Sermon Quotes: "To Destroy the Devil's Works"

One reason for considering the reasons for Christ’s appearing is that we might be appropriately and freshly affected, this Advent season, by Christ’s appearing.

Thinking deeply about the gospel is the only way to consistently feel deeply about the gospel.
— C. J. Mahaney

That means thinking deeply about the reasons the Christ has come is the only way to consistently feel deeply about the reality that the Christ has come. And so far we’ve given thought to the truth that Christ came to DISPLAY the Father’s glory for the sake of our pleasure and that Christ came to DELIVER us from sin for sake of our gratitude and praise. Now today, our aim is to think deeply about this--Christ came to DESTROY--to destroy the works of the devil.

One of the ways that Jesus destroys the works of the devil is by giving us new birth, through which we enjoy a new nature that practices righteousness instead of sin (1 John 3:9). But does that mean new birth means sinless perfection?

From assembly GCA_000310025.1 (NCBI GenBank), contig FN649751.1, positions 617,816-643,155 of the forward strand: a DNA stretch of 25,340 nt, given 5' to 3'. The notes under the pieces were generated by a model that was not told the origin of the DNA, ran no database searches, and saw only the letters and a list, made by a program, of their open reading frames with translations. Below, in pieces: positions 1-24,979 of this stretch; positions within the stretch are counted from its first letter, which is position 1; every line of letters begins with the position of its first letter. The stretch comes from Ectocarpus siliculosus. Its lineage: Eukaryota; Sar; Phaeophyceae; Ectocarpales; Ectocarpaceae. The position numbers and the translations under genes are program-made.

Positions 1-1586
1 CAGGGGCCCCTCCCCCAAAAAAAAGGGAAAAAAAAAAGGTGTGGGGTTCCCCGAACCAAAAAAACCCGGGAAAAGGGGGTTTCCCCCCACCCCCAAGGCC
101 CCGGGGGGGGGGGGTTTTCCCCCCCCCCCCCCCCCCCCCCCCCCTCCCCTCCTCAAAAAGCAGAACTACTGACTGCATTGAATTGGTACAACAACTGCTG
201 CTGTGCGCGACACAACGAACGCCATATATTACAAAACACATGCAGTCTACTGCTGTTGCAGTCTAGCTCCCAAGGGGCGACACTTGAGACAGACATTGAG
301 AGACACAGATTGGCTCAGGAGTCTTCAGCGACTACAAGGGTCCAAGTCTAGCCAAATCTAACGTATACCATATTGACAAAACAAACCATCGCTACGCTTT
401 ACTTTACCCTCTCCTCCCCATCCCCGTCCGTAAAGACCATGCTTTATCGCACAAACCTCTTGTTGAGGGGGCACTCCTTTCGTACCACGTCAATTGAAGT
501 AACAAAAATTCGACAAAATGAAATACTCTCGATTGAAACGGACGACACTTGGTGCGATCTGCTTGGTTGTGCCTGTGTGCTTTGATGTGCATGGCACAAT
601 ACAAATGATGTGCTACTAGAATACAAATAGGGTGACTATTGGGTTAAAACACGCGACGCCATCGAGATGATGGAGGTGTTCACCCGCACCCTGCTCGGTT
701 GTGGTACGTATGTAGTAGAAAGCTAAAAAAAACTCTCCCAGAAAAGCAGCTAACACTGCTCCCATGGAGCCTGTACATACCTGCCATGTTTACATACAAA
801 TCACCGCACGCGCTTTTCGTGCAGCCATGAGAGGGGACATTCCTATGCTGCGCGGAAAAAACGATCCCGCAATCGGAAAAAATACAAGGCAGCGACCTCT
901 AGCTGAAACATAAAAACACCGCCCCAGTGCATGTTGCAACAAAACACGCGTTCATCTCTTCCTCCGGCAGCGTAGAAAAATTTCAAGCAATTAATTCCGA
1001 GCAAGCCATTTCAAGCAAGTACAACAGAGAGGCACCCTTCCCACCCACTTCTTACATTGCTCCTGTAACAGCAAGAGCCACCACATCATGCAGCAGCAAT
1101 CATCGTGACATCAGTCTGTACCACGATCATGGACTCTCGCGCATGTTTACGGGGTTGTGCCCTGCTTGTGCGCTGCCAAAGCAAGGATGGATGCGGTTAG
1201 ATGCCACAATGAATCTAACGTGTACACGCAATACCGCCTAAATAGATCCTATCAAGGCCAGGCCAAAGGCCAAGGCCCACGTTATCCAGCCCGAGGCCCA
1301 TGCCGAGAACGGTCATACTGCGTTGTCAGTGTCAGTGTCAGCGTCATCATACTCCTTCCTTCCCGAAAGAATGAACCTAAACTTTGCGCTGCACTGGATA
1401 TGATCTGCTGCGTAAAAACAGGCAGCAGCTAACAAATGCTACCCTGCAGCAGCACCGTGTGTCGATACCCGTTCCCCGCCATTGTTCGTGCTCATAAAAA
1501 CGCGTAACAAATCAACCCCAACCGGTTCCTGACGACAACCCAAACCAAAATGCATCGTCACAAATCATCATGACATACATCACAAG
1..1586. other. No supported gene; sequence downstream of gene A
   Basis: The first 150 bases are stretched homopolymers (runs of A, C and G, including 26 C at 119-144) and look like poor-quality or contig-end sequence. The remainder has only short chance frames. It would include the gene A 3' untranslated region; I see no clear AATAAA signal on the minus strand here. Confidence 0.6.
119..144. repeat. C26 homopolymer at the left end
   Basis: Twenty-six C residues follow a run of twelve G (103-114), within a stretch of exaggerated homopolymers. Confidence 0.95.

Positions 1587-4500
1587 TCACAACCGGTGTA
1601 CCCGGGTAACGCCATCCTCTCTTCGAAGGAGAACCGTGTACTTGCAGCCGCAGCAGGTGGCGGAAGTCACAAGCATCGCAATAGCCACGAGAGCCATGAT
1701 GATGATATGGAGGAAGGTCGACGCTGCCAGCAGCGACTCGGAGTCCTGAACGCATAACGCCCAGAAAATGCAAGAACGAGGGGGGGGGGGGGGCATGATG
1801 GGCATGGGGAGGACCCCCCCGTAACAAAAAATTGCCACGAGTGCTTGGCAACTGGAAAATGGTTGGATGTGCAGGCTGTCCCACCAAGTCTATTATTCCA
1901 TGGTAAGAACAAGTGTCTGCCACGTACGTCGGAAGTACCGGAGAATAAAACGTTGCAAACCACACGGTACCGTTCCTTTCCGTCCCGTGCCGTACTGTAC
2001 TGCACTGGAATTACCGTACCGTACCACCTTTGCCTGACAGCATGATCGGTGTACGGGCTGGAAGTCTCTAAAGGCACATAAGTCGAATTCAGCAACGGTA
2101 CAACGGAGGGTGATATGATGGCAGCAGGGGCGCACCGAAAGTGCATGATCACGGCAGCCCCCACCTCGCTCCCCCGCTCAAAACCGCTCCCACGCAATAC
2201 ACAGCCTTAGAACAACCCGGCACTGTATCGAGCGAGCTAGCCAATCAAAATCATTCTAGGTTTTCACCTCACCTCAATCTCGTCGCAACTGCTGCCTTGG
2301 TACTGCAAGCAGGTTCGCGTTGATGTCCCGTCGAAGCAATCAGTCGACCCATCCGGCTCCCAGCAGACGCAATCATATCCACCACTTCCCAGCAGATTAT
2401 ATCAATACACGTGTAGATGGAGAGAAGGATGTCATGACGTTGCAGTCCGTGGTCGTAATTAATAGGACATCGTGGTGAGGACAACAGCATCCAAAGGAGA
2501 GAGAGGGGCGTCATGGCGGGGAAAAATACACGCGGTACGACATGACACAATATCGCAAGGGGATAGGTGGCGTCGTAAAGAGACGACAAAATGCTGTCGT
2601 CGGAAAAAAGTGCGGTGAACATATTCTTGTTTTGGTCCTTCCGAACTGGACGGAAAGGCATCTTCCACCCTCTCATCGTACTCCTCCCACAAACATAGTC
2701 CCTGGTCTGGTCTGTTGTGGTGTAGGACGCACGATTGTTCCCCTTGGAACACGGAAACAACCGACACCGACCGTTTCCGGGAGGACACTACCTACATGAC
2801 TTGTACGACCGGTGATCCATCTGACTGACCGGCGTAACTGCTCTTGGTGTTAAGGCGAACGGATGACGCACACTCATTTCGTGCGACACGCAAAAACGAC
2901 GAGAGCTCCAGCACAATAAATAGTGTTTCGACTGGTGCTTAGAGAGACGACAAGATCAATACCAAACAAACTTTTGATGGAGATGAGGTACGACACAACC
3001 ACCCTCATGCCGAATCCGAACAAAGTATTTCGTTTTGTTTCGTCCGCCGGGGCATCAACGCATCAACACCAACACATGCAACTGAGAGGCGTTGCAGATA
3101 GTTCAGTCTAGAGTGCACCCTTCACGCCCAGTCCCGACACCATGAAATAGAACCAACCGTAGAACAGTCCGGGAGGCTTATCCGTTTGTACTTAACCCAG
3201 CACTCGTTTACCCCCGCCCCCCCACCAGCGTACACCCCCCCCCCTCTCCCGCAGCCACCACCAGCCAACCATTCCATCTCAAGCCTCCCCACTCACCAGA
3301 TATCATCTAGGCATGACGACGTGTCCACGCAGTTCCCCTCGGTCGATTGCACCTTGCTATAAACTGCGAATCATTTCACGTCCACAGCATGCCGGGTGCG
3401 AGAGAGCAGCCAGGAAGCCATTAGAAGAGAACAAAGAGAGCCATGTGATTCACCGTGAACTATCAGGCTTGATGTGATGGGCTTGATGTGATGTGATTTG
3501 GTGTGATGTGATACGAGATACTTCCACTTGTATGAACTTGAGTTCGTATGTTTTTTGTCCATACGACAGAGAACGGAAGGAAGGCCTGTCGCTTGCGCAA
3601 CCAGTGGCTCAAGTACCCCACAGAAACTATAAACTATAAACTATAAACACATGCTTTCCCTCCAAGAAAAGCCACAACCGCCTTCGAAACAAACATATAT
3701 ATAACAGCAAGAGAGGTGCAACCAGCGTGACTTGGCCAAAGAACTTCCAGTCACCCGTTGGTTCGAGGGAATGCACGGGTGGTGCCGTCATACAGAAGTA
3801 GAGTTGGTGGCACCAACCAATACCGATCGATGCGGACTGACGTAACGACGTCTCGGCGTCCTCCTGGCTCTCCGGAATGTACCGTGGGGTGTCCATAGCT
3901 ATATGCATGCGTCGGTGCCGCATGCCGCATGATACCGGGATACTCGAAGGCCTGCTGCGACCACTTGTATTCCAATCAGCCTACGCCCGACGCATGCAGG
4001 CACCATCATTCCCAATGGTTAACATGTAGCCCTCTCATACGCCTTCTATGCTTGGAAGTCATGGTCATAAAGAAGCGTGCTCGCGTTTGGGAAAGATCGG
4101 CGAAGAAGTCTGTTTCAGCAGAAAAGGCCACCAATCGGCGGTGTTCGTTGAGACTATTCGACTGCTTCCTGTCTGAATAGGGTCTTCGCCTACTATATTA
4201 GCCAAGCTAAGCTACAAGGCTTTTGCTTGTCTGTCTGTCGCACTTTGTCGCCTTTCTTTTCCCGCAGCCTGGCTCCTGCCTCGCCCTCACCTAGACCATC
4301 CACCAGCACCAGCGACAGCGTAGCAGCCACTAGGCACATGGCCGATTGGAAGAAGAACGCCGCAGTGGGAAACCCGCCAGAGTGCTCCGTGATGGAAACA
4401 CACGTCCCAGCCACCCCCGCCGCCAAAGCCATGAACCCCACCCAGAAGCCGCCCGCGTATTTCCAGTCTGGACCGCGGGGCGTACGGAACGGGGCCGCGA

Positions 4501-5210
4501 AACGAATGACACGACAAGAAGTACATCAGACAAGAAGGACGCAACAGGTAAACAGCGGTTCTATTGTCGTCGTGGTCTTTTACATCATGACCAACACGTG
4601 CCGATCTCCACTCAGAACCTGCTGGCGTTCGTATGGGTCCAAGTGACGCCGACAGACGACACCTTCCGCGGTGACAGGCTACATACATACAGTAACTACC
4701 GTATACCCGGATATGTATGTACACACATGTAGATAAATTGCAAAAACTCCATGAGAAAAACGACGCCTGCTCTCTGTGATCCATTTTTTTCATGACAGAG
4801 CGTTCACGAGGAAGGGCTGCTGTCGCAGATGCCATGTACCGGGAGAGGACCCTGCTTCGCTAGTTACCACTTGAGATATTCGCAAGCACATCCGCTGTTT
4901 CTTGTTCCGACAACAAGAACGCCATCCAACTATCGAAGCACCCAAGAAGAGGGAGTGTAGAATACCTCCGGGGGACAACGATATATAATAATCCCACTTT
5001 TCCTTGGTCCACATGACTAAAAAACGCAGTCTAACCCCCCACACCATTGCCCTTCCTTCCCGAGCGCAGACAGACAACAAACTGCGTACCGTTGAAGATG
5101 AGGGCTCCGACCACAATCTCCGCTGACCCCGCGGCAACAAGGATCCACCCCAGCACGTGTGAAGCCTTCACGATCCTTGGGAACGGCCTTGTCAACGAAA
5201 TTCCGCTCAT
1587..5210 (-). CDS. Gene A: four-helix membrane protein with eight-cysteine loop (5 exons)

If we say we have no sin, we deceive ourselves, and the truth is not in us ... If we say we have not sinned, we make him a liar, and his word is not in us.
— 1 John 1:8, 10

In other words, it’s a sin for a Christian to say they don’t sin. A trusted friend of ours puts it this way:

The new birth does not make us perfect in this life. Sin remains, and the fight of faith is a daily necessity. Some unbelievers look like better people than some believers. But that is because some pretty bad people have been born again, and the process of transformation is not always as fast as we would like.
— John Piper

Beneath every sin is a failure to believe a truth about God. Vanderstelt observes,

We all fluctuate between the extremes of believing we are demigods sent to save the world, and demons who are the scum of the earth, and everything in between. And the reason we believe what we do about ourselves is because of what we believe or don’t believe about God.
— Jeff Vanderstelt
Ryan Chase